Clinical results of ECTR ECTR, either by single or dual-portal technique, can yield almost same clinical results comparable with those of OCTR. Unless iatrogenic nerve injury is counted, ECTR provides good symptom resolution, less scar and pillar pain, providing better physical findings and electrophysiologic recovery.17-19) Comparison with OCTR ECTR is useful for achieving median nerve decompression, its effectiveness in comparison with the minimally invasive OCTR for restoring function of the affected hand early after treatment is still under debate. The grip strength temporarily decreases after ECTR because of postoperative pain over the incision site, which is the case after any CTR procedure. Because of the ambiguity in the definition of ‘resuming daily activities,’ the average time required to resume daily activities or work after ECTR could not be addressed and compared directly. However, by using limited skin incision for ECTR, we expect the intact subcutaneous fatty tissue and palmar fascia will help for decreasing postoperative pain. The benefit of ECTR over OCTR is that by dividing the TCL from below, the overlying skin and muscle are preserved, potentially improving postoperative morbidity, facilitating an earlier return to work, and preserving grip strength. The rate of major nerve, vessel, or tendon injury was shown to be lower in ECTR group, at 0.19% compared with 0.49% for the OCTR group. Similarly, Boecksyns and Sorensen20) reported a rate of 0.3% for irreversible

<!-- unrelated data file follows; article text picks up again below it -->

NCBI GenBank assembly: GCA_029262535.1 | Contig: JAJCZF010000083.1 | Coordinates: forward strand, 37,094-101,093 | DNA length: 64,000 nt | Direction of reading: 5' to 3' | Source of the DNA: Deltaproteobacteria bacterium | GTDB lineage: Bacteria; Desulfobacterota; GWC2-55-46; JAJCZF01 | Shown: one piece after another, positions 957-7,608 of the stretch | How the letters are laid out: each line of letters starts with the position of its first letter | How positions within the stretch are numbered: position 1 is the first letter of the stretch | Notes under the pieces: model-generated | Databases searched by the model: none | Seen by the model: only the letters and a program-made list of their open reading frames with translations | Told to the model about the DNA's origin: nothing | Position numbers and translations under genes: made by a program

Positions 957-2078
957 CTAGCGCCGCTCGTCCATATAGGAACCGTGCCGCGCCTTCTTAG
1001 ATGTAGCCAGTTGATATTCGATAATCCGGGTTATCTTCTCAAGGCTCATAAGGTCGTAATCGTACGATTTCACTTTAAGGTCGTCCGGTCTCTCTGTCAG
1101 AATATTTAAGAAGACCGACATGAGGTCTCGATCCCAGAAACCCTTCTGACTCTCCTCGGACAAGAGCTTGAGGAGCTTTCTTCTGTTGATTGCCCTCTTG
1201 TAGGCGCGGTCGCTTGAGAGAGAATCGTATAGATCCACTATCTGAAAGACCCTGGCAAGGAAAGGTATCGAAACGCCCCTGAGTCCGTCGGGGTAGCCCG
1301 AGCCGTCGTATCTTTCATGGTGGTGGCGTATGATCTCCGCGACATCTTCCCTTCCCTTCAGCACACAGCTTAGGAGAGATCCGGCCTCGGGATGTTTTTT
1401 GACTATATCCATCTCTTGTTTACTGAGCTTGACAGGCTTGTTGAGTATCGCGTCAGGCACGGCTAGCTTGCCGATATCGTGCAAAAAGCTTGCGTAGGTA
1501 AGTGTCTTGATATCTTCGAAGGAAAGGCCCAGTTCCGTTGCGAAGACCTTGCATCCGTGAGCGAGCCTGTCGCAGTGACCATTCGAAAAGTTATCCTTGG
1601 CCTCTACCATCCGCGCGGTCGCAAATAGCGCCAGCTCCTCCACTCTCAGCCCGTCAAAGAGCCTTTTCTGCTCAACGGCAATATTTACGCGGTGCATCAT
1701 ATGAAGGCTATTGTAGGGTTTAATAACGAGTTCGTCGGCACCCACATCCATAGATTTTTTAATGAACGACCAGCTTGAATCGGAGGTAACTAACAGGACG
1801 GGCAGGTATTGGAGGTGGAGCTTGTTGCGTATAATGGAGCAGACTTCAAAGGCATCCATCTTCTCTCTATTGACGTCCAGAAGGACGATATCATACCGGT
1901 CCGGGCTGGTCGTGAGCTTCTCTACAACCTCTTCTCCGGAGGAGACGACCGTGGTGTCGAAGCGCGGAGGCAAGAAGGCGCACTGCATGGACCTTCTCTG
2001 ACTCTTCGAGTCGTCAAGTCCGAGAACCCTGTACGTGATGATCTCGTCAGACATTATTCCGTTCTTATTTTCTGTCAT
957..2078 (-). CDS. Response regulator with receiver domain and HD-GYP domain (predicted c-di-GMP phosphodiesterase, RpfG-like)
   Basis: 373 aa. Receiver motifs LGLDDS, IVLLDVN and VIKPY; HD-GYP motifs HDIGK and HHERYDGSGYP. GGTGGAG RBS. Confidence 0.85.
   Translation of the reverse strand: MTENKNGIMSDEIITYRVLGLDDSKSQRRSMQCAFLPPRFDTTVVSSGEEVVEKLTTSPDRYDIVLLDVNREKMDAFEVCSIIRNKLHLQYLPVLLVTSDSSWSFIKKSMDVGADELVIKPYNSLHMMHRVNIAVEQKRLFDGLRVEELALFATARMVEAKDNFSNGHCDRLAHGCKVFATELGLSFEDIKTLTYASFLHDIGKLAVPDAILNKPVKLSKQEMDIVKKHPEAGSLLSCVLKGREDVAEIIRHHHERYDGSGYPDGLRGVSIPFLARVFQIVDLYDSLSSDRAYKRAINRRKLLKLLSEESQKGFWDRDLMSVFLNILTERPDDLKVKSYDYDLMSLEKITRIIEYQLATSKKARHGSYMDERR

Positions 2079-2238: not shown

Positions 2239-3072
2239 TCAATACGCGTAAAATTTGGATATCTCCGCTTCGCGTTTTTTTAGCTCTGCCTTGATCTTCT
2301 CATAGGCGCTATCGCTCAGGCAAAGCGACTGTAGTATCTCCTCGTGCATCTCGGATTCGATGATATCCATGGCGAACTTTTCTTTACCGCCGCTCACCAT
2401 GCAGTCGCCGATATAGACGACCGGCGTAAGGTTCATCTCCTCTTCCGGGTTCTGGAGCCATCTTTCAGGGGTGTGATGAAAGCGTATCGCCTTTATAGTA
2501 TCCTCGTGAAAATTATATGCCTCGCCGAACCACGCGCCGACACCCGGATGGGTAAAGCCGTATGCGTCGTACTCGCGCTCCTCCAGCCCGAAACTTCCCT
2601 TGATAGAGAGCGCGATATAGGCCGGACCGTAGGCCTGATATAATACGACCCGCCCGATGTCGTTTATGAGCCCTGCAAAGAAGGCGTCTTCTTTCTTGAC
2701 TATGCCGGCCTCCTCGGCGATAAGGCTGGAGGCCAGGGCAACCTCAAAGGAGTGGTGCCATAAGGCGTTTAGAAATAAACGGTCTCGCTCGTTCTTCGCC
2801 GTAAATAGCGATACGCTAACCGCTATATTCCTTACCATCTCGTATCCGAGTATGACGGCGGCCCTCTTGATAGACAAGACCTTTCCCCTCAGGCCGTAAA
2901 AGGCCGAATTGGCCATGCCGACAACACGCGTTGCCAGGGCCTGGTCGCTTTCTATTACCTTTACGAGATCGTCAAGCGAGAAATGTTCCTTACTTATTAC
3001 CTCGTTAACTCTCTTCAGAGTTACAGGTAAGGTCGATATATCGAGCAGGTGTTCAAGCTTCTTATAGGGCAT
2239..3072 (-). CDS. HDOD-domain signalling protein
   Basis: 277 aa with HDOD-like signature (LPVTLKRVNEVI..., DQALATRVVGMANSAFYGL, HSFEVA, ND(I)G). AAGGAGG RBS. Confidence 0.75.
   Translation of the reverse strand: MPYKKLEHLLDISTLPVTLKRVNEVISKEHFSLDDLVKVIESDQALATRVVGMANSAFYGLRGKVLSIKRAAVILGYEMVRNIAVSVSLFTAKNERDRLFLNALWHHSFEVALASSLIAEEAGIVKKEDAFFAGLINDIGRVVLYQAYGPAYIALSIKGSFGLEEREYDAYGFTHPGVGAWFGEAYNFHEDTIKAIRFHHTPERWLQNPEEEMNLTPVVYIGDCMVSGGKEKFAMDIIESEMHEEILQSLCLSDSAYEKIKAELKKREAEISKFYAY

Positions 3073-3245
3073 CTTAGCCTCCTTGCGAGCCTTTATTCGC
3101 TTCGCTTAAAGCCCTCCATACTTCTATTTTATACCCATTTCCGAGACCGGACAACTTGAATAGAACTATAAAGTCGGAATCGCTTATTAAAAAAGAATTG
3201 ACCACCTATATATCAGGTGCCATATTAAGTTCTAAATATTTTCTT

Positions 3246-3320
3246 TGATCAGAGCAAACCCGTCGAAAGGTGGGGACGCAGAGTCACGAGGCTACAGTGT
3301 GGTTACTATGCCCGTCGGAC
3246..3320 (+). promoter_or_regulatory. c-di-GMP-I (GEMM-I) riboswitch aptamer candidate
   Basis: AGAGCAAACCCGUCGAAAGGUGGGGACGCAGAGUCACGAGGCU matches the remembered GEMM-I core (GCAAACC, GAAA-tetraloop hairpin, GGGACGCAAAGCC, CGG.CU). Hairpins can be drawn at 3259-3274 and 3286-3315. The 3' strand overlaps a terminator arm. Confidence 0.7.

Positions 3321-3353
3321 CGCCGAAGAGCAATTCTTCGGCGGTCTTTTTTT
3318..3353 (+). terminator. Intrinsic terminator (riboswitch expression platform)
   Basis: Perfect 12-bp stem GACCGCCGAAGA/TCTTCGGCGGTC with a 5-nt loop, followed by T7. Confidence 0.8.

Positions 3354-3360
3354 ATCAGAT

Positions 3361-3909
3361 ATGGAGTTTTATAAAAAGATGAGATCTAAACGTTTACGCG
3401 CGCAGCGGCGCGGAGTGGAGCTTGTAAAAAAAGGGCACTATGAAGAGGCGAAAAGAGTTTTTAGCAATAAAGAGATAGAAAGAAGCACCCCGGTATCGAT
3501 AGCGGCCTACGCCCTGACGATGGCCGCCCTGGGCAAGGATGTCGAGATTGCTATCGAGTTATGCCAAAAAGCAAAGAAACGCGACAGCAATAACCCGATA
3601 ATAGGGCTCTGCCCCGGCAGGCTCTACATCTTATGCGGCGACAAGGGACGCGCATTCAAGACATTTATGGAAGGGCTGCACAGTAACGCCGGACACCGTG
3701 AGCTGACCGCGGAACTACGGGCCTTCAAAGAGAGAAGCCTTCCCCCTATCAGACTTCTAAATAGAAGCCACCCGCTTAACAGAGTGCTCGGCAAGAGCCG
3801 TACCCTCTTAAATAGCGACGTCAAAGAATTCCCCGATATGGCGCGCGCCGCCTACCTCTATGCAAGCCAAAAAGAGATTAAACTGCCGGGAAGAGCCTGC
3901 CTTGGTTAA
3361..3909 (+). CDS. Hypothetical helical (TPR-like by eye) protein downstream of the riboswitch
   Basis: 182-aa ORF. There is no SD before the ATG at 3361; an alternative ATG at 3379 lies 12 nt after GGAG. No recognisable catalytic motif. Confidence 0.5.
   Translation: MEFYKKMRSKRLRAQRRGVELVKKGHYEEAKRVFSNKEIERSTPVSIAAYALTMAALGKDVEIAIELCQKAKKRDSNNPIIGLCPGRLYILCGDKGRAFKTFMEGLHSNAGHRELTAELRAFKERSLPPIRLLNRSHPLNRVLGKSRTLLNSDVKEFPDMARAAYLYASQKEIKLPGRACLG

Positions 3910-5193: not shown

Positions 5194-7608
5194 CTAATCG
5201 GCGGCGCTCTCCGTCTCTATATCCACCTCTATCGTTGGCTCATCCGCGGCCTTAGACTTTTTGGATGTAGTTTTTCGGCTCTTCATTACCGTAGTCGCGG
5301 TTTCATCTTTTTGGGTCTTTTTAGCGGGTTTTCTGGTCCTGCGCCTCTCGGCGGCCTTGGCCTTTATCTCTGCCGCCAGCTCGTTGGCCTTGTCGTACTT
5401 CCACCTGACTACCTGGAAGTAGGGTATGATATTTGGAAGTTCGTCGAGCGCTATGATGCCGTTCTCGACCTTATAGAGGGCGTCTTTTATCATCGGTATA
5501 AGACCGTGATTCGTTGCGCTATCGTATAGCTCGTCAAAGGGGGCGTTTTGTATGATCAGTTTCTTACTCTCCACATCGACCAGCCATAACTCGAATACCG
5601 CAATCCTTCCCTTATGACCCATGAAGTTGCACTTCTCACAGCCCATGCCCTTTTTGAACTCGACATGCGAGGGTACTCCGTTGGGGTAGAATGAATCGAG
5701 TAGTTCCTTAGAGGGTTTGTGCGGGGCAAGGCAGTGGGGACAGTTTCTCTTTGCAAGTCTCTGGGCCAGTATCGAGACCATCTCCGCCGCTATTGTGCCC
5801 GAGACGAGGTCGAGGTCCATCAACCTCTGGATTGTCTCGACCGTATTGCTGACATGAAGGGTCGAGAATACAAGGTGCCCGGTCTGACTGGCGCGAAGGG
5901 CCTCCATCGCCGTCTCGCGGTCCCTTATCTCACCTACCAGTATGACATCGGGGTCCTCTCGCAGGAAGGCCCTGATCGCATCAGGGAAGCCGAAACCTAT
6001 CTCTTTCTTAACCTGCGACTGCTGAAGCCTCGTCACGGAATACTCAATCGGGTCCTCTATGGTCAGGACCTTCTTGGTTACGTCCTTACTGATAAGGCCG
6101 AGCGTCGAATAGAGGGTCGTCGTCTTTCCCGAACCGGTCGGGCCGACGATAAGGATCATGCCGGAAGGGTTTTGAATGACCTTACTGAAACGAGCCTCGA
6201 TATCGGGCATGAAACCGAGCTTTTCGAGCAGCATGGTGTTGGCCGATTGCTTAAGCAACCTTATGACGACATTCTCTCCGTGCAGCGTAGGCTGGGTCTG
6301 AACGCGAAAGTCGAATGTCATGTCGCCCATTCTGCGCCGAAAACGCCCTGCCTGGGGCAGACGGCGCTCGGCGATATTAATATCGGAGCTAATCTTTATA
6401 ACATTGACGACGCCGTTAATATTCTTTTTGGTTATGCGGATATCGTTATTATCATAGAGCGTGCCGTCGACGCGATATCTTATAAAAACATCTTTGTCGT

256 Kim et al. Current Approaches for Carpal Tunnel Syndrome Clinics in Orthopedic Surgery • Vol. 6, No. 3, 2014 • www.ecios.org

Table 3. Advantages and Disadvantages of Endoscopic Carpal Tunnel Release Advantage

Disadvantage

Table 4. Reported Complication after ECTR and OCTR Complication Median nerve injury

ECTR (708 surgeons)

OCTR (616 surgeons)

100

147

Less pain

Unable to see all computed tomography contents

Palmar cut branch injury

17

117

Earlier mobility

Higher risk in the presence of aberrant motor branch

Ulnar nerve injury

88

29

Bilateral easier

Higher skill/training requirement

Digital nerve injury

77

54

Earlier return to work

Cost of endoscopic equipment

Tendon injury

69

19

Superficial palmar arch injury

86

21

Ulnar artery injury

34

11

Minimal skin/retinacular scar Nerve not ‘scarred’ Reduced ‘pillar’ pain